“On the nights when I wasn’t working, I longed to go to bed, so I felt anxious that he wasn’t keen on sleeping.

“Nightshift definitely had a physical and emotional effect on me. I think for those years, despite thinking I was at home and available to my toddler son all day, the quality of time was poor. I felt stressed and tired constantly. By the time I ‘recovered’ I was back on duty.”

It wasn’t for lack of trying, said Ms Herdman, as sleep didn’t come easily despite using sleep aides such as blackout blinds, earplugs and eyeshades.

“I only ever slept five to six hours. It was exhausting! Like most night shift workers, it’s the adrenaline and cortisol rush that prepare you for the arduous task of nightshift.

“On one occasion I thought I was on night duty only to arrive at work and be told I wasn’t rostered. I didn’t sleep at all that night as my adrenaline and cortisol levels had prepared me for work and not sleep.”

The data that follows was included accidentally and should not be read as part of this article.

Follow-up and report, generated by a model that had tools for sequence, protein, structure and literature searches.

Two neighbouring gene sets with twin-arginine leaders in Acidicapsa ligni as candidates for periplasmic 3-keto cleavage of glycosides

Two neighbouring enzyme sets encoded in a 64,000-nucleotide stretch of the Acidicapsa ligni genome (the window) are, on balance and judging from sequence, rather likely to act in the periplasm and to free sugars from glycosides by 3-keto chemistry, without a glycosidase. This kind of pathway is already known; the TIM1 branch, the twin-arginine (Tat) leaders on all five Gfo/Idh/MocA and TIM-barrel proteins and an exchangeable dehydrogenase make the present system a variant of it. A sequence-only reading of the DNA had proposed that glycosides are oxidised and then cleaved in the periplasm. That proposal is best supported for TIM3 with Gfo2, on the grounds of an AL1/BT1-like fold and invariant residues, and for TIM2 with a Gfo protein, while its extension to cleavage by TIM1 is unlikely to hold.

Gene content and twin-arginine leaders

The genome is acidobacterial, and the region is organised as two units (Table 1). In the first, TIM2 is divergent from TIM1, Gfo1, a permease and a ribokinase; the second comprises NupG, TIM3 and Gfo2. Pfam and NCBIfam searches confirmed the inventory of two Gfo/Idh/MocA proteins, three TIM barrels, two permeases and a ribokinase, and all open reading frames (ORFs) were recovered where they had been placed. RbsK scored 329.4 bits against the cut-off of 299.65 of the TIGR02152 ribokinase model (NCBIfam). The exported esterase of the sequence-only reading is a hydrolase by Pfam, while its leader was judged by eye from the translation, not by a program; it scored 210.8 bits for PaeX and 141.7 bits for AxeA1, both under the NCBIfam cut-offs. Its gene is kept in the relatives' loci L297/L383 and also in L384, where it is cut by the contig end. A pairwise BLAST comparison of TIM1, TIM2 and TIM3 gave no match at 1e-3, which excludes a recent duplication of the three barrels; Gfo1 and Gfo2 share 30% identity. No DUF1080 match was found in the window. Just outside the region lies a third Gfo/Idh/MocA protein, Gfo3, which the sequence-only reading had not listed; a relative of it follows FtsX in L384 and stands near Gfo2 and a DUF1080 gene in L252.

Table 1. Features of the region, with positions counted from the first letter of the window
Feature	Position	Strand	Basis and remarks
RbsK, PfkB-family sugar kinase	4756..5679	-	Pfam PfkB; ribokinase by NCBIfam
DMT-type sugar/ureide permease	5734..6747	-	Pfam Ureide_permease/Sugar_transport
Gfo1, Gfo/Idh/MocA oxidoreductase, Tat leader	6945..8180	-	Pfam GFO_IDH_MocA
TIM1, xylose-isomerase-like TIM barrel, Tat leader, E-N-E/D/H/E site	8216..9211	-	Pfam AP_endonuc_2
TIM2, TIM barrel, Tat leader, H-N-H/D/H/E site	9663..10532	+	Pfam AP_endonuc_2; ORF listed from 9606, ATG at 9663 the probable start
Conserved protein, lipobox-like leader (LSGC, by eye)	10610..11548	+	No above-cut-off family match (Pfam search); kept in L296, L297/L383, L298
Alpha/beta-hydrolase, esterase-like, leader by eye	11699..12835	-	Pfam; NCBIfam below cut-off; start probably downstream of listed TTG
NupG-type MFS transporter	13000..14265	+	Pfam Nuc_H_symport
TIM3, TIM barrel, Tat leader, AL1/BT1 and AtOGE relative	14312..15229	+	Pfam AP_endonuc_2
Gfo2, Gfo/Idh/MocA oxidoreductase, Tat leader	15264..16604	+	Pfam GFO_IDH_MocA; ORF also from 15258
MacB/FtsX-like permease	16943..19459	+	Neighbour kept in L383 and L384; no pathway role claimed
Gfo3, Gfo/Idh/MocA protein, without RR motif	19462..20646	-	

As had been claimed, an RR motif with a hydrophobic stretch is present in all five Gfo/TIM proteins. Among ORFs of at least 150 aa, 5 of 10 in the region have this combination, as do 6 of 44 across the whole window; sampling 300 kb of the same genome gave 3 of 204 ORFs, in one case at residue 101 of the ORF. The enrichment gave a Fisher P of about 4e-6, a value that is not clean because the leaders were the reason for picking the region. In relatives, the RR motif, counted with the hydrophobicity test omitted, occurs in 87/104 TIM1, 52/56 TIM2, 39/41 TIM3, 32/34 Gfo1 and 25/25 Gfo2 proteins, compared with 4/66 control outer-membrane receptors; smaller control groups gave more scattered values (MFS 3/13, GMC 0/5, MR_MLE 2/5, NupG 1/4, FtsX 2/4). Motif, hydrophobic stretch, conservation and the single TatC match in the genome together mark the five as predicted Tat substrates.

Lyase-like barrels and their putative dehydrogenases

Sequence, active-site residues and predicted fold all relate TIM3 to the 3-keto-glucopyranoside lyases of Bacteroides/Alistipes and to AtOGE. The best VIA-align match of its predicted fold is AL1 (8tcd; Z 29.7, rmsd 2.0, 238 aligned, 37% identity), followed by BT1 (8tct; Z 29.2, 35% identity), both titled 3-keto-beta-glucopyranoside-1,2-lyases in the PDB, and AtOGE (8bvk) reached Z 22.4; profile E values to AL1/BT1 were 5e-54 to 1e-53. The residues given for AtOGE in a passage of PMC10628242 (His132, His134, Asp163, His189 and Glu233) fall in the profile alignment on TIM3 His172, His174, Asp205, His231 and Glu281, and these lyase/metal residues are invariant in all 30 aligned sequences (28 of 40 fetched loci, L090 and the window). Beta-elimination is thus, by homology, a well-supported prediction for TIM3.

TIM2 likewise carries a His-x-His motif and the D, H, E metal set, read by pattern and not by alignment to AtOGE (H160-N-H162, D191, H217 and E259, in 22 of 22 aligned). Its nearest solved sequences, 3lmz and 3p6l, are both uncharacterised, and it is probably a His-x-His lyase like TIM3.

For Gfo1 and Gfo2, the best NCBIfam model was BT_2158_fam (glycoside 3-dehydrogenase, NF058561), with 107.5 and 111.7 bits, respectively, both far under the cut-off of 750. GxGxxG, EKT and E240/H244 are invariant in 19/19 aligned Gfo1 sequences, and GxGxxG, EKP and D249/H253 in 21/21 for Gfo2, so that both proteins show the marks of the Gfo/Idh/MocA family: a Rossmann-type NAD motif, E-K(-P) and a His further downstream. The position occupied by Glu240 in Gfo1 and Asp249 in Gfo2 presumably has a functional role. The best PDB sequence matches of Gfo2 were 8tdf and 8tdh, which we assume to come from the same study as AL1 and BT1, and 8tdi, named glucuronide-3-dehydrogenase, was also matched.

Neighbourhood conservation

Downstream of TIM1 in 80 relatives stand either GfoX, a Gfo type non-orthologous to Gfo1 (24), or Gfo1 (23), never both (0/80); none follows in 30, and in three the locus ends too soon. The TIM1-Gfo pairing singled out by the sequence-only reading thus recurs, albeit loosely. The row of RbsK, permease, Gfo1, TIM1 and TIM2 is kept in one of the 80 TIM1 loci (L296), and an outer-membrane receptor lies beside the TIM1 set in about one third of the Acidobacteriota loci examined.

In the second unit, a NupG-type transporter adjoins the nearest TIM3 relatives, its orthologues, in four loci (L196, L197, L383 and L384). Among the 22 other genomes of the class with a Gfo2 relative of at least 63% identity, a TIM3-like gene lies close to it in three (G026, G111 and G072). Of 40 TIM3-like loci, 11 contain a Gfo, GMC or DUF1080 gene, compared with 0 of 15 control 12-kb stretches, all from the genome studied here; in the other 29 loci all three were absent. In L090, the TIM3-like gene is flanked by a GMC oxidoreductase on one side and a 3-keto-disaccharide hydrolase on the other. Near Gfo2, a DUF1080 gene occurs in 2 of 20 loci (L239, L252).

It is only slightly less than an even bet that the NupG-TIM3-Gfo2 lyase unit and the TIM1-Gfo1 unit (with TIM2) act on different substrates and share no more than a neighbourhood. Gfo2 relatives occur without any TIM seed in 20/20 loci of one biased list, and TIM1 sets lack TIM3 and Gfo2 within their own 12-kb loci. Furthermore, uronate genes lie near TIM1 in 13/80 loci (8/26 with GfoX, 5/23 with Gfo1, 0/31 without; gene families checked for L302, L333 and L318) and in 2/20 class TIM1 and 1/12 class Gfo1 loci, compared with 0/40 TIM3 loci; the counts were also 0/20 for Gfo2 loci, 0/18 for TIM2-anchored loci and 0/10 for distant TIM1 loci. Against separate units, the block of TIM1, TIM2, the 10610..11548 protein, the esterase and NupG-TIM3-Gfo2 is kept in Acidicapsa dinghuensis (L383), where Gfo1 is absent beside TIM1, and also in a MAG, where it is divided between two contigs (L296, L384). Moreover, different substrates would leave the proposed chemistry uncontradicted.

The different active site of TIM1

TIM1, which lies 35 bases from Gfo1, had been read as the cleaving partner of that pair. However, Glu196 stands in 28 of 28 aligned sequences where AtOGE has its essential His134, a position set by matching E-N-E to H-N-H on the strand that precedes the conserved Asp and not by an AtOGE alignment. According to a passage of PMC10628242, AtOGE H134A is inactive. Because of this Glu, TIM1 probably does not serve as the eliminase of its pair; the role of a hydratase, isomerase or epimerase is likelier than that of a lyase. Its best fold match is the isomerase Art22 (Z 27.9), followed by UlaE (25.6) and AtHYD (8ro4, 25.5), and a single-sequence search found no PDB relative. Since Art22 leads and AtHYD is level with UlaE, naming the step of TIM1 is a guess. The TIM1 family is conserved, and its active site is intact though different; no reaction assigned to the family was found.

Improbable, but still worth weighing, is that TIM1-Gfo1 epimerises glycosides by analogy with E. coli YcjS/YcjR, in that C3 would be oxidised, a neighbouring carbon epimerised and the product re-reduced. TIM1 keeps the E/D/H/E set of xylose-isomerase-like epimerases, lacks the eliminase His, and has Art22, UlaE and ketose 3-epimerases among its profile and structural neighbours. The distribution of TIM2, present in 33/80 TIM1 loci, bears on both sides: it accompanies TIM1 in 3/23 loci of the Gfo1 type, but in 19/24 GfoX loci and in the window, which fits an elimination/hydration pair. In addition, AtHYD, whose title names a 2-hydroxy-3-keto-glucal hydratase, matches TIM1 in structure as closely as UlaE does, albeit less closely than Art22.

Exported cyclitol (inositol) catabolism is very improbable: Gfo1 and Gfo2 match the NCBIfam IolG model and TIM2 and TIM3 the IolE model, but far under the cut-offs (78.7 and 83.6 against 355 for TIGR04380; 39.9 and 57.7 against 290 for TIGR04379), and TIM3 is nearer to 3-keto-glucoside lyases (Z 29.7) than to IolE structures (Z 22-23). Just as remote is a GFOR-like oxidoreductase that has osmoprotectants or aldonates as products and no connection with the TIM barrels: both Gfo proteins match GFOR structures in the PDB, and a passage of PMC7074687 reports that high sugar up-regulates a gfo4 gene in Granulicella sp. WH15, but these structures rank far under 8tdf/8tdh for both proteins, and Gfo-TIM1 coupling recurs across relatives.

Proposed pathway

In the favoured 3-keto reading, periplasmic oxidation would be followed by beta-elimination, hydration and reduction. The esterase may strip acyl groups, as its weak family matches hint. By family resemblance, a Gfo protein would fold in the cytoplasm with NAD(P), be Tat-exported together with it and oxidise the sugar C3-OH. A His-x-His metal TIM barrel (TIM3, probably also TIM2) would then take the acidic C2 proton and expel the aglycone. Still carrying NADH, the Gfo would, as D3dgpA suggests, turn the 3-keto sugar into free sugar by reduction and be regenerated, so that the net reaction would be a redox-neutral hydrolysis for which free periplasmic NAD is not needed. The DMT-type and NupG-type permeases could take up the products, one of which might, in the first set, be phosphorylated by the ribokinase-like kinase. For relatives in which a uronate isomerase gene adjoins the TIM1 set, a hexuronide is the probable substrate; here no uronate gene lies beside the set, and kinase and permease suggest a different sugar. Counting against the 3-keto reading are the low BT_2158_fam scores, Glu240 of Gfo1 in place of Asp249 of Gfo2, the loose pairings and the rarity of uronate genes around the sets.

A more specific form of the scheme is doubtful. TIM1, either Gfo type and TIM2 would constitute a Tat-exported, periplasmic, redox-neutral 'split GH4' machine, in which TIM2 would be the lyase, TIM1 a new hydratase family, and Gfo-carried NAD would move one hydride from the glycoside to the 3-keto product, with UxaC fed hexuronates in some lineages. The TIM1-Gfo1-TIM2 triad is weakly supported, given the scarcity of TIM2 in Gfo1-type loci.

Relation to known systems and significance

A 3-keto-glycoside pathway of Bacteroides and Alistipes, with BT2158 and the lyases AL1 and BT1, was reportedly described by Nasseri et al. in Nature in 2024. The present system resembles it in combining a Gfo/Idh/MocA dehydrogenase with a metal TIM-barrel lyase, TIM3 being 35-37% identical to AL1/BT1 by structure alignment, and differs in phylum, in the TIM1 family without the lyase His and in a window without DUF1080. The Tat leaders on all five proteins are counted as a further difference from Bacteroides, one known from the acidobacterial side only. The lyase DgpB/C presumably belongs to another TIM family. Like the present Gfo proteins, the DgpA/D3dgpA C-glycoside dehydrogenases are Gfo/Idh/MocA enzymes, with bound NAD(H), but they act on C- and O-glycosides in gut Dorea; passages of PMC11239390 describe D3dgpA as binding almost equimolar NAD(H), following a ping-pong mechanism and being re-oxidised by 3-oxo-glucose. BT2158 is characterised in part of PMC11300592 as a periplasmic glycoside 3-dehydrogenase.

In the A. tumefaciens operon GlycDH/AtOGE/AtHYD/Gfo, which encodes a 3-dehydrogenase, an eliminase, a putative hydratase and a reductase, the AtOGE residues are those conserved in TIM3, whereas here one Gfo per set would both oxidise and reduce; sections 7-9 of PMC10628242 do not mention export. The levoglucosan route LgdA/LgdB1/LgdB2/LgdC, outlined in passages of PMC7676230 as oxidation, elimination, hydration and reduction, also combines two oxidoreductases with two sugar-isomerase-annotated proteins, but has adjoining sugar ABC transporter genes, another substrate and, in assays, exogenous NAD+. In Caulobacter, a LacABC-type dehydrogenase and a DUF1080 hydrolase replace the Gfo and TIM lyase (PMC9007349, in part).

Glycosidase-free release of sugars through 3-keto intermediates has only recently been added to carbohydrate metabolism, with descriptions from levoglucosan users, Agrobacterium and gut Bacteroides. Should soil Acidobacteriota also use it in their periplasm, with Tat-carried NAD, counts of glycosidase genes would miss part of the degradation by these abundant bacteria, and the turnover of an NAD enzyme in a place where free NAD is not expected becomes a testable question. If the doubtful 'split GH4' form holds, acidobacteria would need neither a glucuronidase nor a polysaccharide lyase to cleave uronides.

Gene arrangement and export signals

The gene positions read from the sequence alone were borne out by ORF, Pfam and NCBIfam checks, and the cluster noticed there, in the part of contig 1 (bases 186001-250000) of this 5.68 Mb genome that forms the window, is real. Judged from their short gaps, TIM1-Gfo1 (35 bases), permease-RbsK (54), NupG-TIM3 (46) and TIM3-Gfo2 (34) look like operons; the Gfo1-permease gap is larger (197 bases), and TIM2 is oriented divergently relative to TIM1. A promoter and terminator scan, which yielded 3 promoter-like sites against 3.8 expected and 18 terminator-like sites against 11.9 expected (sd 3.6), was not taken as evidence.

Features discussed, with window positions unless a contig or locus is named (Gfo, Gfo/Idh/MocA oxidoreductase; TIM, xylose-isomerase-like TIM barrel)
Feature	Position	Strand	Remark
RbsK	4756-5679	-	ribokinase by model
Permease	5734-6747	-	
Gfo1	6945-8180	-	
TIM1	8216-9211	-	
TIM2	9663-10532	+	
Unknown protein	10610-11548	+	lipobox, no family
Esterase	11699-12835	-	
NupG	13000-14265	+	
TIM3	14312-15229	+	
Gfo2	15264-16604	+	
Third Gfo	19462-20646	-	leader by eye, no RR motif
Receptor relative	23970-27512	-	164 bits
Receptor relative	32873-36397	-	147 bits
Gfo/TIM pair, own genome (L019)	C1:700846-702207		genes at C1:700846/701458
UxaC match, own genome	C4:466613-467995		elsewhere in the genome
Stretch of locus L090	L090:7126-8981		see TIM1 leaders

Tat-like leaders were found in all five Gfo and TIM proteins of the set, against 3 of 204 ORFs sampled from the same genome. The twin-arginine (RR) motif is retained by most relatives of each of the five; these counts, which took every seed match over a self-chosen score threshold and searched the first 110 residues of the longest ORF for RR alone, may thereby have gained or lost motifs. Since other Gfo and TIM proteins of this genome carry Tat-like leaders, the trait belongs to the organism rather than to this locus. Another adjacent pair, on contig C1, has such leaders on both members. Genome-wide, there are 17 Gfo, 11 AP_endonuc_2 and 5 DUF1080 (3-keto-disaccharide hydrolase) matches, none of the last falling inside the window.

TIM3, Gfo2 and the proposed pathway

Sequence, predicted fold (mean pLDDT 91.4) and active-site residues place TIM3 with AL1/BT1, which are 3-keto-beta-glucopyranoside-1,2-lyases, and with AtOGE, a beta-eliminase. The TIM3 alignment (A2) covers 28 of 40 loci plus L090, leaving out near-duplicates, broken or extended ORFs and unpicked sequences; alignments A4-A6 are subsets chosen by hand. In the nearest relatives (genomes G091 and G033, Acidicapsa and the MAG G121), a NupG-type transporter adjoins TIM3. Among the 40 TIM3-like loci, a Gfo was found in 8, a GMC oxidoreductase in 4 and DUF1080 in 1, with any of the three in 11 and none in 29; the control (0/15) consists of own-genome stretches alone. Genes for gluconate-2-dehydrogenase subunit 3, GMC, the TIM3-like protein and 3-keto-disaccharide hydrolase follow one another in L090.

It was during her time as a neonatal nurse that Ms Herdman felt the impact of working nights most, as working with newborns necessitates an alert mental state.
“Although most shifts were routine care, it was challenging and stressful when emergency care was required. I particularly hated the two to three o’clock in the morning time when you were willing your mind and body to keep awake, concentrate and stay focused. 

“On a lighter note, one night I went to work and wondered why one shoe was squeaking on the vinyl floors. I ignored this minor annoyance; too tired to be bothered, until eventually, I looked down to see that I was wearing different shoes! Tiredness and lack of concentration make you do strange things.”

Losing weight after pregnancy was also challenging due to the physiological impact of working night shift, said Ms Herdman, and a diagnosis of hypothyroid only exacerbated the situation.